The Choice of Empathy

Wednesday, January 16th, 2019

Empathy is a choice. And it’s a vulnerable choice, because if I were to choose to connect with you through empathy, I would have to connect with something in myself that knows that feeling. In the face of a difficult conversation, when we see that someone’s hurt or in pain, it’s our instinct as human beings to try to make things better. We want to fix, we want to give advice. But empathy isn’t about fixing, it’s the brave choice to be with someone in their darkness — not to race to turn on the light so we feel better.

If I share something with you that’s difficult for me, I’d rather you say, “I don’t even know what to say right now, I’m just so glad you told me.” Because in truth, a response can rarely make something better. Connection is what heals.

If struggle is being down in a hole, empathy is not jumping into the hole with someone who is struggling and taking on their emotions, or owning their struggle as yours to fix. If their issues become yours, now you have two people stuck in a hole. Not helpful. Boundaries are important here. We have to know where we end and others begin if we really want to show up with empathy.

— Brené Brown, Dare to Lead, p. 142

Photo: South Riding, Virginia, January 15, 2019

Empathy

Monday, December 31st, 2018

Empathy is not connecting to an experience, it’s connecting to the emotions that underpin an experience.

— Brené Brown, Dare to Lead, p. 140

Photo:  Mission Bay, California, December 31, 2003

Liking Yourself More

Friday, November 23rd, 2018

As we have explained, you can feel connected whenever you want, simply by choosing to feel connected. You can even do it in your head, if your partner is unavailable. You can do it when you’re irritated with your partner just as easily as when you’re enraptured with him or her — if you truly want to. And why would you want to if he’s acting like a jerk or she’s being a nag? Well, for one thing, he’s less likely to act like a jerk if he feels connected to you, and she’s less likely to nag if she knows that you care about her feelings. But the more important reason is that you like yourself more when you feel connected to people you love than when you don’t. You like yourself more when you are nice to your partner than when you’re not. You like yourself more when you are true to the most important things about you than when you are not.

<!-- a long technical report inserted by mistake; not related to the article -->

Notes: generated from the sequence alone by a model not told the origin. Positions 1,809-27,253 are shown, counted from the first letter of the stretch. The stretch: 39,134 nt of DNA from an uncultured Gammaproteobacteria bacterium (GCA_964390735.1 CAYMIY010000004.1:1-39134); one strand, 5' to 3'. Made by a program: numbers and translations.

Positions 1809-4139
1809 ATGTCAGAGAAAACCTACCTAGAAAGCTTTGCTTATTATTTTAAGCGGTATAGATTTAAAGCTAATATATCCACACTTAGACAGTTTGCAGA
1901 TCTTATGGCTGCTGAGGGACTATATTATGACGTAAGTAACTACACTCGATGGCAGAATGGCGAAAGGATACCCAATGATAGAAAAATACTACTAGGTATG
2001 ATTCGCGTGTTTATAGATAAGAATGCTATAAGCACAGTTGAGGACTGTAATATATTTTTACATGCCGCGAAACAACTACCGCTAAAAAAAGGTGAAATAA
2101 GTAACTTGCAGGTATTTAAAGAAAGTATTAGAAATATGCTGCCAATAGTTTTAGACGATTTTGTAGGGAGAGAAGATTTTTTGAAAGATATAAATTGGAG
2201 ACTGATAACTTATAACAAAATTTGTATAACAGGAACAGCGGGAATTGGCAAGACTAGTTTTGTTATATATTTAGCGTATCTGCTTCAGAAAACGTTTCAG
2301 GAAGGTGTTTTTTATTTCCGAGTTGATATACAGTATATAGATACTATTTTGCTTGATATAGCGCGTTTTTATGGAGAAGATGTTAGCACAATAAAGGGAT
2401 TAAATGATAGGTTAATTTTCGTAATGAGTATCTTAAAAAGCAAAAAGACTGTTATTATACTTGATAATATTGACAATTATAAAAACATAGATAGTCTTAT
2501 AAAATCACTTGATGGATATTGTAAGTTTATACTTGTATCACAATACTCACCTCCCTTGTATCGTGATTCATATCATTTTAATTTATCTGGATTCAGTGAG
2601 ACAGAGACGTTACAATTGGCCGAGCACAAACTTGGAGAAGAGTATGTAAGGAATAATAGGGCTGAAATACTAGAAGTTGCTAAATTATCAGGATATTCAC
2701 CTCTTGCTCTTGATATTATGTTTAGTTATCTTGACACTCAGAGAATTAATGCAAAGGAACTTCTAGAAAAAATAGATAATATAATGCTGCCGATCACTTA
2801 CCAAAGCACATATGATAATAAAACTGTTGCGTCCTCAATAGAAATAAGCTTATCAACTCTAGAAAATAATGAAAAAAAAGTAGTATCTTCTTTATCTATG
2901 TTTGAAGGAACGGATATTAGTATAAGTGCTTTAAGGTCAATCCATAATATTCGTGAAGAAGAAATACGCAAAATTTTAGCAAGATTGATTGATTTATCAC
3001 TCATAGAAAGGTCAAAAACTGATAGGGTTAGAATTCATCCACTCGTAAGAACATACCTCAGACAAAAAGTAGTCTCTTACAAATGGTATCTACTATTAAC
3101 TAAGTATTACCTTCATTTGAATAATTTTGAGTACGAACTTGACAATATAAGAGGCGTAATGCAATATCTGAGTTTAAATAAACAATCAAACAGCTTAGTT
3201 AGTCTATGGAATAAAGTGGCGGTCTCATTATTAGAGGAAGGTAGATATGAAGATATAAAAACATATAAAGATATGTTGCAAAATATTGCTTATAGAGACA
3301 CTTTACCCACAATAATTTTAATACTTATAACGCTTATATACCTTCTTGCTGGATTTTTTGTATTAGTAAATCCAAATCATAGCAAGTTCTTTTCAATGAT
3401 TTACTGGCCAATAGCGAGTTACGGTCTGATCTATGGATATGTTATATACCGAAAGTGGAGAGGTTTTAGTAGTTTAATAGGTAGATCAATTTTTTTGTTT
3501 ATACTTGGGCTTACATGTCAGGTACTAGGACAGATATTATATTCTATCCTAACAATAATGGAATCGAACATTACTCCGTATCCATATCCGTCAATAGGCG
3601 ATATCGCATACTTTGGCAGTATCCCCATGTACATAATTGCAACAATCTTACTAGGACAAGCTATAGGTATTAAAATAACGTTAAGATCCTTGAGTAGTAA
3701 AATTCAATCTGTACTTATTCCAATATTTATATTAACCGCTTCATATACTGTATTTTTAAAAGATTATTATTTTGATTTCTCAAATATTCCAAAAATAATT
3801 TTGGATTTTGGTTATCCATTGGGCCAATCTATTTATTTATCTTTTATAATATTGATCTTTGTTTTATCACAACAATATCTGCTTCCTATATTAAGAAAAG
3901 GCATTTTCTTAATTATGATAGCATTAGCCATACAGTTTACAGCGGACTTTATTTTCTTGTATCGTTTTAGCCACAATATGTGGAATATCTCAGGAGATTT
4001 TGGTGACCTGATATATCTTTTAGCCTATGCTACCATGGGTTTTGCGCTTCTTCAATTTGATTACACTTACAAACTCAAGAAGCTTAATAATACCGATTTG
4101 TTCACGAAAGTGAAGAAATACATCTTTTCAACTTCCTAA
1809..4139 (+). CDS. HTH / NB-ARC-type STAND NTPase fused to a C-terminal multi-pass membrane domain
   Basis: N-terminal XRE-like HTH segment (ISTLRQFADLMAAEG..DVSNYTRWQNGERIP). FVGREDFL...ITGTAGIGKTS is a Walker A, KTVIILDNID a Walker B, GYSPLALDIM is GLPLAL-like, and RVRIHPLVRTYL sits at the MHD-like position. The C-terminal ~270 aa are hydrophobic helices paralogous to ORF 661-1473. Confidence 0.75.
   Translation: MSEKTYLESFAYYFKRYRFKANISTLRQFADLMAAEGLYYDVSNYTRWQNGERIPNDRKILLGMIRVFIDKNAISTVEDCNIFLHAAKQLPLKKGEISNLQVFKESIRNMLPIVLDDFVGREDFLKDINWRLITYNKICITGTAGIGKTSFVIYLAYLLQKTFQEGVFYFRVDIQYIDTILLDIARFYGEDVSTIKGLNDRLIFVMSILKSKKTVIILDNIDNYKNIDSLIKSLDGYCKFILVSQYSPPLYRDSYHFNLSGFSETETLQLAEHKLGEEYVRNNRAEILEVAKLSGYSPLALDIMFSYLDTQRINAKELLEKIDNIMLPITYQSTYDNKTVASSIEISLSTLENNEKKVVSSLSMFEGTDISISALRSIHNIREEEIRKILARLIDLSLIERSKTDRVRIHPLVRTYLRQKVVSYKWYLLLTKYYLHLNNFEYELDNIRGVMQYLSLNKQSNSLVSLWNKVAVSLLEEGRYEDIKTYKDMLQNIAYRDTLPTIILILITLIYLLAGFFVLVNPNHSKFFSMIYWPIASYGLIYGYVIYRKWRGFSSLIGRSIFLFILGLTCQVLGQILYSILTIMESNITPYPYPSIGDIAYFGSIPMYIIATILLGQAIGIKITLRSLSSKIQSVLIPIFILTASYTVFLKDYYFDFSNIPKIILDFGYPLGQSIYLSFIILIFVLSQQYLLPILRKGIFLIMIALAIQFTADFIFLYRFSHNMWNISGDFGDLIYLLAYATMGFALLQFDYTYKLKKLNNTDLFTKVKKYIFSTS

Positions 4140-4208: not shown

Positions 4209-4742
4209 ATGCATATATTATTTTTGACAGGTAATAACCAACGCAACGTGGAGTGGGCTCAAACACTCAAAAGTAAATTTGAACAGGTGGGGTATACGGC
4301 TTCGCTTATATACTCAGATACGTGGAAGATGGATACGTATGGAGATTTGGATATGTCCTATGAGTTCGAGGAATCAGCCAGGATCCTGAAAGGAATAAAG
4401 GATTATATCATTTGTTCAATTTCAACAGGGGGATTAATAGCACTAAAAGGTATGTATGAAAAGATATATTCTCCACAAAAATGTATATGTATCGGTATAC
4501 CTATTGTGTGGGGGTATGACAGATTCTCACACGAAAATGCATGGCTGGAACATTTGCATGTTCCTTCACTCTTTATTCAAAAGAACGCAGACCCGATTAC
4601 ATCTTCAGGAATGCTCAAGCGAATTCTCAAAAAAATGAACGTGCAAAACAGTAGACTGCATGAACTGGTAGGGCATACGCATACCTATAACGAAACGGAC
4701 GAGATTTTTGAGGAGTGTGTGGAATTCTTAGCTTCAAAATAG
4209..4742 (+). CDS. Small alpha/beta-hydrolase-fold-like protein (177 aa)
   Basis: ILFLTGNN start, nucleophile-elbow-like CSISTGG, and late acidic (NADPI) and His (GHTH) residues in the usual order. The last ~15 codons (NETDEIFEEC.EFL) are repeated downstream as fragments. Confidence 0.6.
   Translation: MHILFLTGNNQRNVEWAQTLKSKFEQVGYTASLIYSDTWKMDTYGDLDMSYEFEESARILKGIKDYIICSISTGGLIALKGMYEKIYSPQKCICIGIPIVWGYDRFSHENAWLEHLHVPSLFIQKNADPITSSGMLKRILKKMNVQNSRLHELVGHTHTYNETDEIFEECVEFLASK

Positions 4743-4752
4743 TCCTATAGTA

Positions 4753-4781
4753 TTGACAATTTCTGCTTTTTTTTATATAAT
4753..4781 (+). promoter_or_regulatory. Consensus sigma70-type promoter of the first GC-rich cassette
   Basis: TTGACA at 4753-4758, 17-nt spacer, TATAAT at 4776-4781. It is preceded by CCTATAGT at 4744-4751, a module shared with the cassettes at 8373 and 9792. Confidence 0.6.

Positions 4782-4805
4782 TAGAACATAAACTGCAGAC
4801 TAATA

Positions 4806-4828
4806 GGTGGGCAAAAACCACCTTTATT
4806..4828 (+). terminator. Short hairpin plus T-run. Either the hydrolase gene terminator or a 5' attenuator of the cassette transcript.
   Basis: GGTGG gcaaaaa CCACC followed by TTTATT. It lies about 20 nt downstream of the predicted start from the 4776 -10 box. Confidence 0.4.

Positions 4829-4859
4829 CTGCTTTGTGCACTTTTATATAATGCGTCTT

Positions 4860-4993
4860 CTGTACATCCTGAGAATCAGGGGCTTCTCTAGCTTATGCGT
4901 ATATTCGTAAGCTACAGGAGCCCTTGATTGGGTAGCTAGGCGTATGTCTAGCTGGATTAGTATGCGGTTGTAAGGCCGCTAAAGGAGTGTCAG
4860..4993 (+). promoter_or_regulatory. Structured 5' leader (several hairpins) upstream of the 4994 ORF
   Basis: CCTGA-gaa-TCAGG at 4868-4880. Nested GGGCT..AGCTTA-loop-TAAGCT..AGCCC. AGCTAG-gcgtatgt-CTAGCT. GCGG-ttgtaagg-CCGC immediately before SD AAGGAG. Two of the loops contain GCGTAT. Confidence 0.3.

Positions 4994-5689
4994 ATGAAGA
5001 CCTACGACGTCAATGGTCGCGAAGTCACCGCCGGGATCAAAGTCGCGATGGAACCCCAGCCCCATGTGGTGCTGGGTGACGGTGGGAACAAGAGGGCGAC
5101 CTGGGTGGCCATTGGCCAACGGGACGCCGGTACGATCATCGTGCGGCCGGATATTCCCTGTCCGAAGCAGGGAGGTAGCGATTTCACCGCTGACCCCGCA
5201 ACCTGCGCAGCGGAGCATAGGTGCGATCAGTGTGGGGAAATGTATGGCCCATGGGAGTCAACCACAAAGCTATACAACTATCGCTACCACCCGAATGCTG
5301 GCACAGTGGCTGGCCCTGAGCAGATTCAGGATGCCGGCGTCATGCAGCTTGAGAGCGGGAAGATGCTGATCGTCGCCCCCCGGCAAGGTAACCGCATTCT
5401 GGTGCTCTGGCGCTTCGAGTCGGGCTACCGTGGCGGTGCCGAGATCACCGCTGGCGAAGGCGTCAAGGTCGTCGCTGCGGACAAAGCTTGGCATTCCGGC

One of the most destructive phrases to emerge from modern therapy and self-help books is “getting your needs met” or its variation “What about me?” These little words, and the self-centered attitudes they represent, have done more to promote entitlement and resentment and less to nurture love, compassion, and connection than just about anything that has passed for relationship advice. They fly in the face of a known law of human interaction: You must give what you expect to get. If you want compassion, you have to be compassionate; if you want love, you have to be loving; if you want cooperation, you have to be cooperative; if you want appreciation, you have to be appreciative day by day.

— Patricia Love and Steven Stosny, How to Improve Your Marriage Without Talking About It, p. 210-211

Photo: South Riding, Virginia, December 26, 2014

Approach Mode

Saturday, November 3rd, 2018

Fortunately, approach modes that include attempts to understand and appreciate are almost as contagious to our partners as avoid and attack modes. In other words, if you are interested in your partner, he or she is likely to become interested in you. But if you dismiss, avoid, or devalue, what do you think will be the likely response?

— Patricia Love and Steven Stosny, How to Improve Your Marriage Without Talking About It, p. 173

Photo: Gundersweiler, Germany, October 2000